Offer a short-term discount on something everyone can use. Most of your customers have a dog, so offer a discount on dog food with the purchase of a certain amount of VitaFerm® or Vitalize® mineral. This gives them the opportunity to try something new they might not have even known BioZyme offers, and makes you look like the good guy for offering a promotion.

Don’t offer a discount on in-season products. Did you order too much VitaFerm® HEAT™ mineral and you are approaching the cooler months? That would be a good time to discount that inventory to get it out of the warehouse, and perhaps customers will want to order more at regular price next summer.

Remember to advertise a “limited time promotion.” If you don’t, your customer might actually like the dog the food they bought last time with their supplement order, and will want you to honor that same price again. Remind the customer that it was a one-time promotion, but you are glad he/she liked the product, and will be glad to sell it to him/her at regular price.

Add value in other ways. Host a producer meeting to share the latest industry information. Invite your customers to a special VIP open house with refreshments and door prizes after store hours. Offer delivery. There are many ways of adding value to your products that won’t hurt your profit potential.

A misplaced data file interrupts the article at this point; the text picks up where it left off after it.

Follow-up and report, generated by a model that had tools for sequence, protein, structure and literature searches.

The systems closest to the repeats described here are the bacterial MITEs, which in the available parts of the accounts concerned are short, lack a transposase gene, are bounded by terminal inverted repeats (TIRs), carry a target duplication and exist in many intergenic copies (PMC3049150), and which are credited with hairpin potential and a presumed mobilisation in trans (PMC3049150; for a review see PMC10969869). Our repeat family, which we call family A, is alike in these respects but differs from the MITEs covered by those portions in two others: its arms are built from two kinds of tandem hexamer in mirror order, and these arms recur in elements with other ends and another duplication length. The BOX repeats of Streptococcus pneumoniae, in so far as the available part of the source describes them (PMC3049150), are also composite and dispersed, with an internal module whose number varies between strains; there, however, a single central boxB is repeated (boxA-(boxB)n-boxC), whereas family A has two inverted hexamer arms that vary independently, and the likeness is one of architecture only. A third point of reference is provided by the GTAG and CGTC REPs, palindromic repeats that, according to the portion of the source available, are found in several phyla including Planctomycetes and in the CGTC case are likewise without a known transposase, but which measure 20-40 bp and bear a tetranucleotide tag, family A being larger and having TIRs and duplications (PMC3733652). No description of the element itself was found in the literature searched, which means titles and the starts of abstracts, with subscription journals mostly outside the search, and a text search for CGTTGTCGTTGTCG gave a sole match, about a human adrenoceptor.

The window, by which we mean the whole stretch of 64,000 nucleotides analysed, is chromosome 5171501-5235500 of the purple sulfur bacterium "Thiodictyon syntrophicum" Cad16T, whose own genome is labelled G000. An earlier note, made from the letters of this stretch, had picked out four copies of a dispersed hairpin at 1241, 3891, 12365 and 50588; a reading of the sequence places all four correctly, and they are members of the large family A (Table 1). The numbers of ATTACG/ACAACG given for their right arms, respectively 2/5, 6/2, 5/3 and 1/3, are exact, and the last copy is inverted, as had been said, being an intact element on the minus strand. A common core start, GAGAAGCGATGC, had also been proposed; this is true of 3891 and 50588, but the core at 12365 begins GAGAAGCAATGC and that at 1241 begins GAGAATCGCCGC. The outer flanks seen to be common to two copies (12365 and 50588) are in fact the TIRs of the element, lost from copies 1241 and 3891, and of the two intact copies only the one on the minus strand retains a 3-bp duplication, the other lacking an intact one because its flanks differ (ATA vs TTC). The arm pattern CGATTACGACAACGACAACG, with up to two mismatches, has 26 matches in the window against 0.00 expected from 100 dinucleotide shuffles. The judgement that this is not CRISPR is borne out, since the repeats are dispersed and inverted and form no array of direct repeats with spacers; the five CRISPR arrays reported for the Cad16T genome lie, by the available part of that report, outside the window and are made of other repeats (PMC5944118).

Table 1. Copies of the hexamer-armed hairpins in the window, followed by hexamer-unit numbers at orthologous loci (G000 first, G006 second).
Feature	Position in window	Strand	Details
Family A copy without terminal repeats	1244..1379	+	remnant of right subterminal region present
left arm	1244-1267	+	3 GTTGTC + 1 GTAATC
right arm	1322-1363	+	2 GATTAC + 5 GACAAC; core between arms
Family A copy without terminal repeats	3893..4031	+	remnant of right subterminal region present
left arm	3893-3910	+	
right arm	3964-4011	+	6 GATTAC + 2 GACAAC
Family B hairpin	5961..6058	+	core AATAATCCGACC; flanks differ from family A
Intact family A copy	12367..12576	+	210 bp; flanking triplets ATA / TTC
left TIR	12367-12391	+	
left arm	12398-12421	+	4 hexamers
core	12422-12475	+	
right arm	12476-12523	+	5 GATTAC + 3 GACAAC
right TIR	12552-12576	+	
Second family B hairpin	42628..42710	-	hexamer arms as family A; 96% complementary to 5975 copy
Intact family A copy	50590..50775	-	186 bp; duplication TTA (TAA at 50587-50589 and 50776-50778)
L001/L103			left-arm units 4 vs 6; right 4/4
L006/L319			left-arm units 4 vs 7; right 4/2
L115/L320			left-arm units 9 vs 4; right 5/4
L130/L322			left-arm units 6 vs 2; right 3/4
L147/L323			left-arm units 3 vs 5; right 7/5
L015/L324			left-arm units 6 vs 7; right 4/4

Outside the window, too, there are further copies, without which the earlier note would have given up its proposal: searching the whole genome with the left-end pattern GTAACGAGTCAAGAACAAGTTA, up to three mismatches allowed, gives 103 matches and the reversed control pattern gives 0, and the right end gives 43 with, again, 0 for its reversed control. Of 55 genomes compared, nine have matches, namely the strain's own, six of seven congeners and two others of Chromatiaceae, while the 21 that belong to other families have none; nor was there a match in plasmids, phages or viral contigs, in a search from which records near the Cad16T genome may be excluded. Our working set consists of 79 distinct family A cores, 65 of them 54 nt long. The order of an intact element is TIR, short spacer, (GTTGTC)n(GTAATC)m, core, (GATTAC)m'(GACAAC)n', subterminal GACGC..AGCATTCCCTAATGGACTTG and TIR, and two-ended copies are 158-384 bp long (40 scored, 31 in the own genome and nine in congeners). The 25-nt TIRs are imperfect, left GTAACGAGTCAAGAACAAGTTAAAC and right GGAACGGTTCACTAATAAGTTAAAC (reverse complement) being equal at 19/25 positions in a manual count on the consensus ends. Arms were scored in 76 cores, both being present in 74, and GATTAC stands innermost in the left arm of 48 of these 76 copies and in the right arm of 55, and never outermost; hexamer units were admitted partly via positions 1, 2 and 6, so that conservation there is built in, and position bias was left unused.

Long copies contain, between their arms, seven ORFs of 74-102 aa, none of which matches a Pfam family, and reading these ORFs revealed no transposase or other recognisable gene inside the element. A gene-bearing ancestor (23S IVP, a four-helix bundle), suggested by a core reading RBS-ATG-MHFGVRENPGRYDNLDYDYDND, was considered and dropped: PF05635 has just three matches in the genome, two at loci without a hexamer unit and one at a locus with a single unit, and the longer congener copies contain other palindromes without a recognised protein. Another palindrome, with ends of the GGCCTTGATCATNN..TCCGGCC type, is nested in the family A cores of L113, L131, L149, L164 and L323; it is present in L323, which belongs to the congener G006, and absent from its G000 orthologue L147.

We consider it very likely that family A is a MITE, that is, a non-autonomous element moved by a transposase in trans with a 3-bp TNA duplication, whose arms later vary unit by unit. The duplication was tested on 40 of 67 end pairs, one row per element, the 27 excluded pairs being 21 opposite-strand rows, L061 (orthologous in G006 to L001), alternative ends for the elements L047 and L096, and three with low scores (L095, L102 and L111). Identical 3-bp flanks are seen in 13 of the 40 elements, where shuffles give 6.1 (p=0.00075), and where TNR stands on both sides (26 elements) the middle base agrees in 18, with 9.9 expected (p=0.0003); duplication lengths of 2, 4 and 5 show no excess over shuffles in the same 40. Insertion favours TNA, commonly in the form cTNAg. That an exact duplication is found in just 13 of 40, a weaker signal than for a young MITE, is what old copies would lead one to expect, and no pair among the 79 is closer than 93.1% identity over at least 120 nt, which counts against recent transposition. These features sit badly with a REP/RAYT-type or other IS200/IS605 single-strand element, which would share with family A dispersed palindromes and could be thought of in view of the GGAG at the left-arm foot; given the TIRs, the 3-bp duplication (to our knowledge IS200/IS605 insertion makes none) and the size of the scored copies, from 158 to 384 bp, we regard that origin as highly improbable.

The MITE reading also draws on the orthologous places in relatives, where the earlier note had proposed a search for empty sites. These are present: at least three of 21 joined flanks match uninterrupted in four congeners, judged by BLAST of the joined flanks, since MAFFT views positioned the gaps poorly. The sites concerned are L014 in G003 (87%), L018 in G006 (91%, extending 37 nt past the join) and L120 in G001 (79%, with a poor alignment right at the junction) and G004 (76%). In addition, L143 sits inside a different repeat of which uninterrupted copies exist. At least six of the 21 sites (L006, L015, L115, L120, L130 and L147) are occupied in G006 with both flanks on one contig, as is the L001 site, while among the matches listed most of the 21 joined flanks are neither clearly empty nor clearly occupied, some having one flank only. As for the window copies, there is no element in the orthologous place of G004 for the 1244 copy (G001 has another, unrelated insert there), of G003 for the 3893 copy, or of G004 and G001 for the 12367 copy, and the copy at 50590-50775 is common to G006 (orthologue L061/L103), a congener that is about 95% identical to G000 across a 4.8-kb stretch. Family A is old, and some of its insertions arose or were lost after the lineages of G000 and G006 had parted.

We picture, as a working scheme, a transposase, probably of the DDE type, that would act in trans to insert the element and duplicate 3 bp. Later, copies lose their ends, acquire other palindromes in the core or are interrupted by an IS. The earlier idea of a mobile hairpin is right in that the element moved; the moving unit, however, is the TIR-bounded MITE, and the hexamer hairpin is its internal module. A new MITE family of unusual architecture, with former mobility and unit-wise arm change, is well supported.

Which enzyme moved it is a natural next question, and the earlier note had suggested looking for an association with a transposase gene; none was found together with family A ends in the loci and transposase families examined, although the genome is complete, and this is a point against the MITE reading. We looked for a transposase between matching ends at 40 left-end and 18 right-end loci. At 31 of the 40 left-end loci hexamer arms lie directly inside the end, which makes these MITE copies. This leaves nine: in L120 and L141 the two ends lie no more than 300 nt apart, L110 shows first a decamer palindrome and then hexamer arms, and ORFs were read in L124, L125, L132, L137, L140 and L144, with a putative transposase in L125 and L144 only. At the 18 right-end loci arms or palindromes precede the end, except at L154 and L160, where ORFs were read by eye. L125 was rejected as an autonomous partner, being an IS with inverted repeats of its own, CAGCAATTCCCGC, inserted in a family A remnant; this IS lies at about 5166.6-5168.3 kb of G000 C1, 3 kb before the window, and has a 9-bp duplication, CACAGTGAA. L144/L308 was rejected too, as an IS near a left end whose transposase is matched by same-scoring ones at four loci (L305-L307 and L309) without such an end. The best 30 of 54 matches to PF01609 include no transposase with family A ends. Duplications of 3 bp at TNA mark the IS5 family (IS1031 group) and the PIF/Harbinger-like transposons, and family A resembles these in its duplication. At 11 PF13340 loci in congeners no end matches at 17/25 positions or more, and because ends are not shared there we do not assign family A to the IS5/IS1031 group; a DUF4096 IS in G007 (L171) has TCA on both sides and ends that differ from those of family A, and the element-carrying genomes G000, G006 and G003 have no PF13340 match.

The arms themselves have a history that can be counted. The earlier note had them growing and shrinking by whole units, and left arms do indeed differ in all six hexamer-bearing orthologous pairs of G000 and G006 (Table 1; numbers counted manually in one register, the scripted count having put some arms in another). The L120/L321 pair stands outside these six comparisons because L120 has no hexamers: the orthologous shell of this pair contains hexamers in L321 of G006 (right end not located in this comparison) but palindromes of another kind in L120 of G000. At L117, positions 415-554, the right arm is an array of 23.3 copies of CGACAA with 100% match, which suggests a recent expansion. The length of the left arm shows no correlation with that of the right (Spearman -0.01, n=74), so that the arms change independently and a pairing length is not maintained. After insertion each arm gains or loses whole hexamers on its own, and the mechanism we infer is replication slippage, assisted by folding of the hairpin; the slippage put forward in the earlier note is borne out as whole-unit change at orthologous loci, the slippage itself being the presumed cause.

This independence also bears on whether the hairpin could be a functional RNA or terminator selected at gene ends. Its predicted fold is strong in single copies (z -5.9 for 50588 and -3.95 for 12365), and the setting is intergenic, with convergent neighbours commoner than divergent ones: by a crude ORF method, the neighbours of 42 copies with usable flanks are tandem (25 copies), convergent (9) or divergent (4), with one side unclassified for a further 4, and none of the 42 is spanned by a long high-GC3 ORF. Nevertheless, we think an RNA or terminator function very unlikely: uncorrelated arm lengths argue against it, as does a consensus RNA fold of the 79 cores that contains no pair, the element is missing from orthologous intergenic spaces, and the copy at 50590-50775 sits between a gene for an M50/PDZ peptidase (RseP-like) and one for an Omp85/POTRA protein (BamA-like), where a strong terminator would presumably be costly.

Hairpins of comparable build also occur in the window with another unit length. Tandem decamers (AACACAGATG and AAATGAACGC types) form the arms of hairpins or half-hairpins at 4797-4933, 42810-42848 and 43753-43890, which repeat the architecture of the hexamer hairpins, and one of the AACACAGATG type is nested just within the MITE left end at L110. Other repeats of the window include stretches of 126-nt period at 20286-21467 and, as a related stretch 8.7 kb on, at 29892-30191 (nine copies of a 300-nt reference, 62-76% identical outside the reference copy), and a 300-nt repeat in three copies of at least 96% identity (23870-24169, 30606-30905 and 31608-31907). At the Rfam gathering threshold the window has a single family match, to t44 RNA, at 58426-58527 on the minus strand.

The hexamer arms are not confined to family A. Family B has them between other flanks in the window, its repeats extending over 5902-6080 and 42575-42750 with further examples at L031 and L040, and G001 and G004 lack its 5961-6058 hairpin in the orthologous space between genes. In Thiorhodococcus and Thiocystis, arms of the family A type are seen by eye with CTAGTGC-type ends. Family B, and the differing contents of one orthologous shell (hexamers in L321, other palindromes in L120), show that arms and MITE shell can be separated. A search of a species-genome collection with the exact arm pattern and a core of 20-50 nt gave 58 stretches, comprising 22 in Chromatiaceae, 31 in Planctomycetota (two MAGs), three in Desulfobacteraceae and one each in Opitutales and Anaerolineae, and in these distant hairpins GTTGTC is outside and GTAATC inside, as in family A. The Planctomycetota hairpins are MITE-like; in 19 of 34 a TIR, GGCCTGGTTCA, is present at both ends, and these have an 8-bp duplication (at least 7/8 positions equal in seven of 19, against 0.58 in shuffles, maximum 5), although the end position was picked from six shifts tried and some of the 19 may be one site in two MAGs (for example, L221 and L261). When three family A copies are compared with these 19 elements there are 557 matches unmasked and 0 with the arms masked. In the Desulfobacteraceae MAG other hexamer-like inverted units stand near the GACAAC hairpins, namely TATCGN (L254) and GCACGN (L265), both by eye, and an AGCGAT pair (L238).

If conducted properly, promotions can be a good marketing tool. But plan them when they will help you, the dealer, boost sales, and use them wisely.

March 2017 – Letters from Lisa

At BioZyme®, we track our market share in all the different markets where we are trying to grow. While the sales team would tell you that I use market share as a part of my slave driver approach to growth; it is actually not true. I use market share to motivate our entire team (you too) around the significant opportunity that still awaits us.

Our growth has been impressive and would not be possible without each of you. This growth makes it easy to ask how many more years is this really possible? The answer to that is objective and easy when you assess it from the market share perspective. At the end of 2016, our market share in the cow-calf sector was 1.5%. On a state-by-state basis it ranges from 10% in Indiana down to 0.2% in Texas. Just to give you some comparative perspective, McDonalds has 17% market share in the fast food industry, while the strongly misguided Chipotle has 2.2%.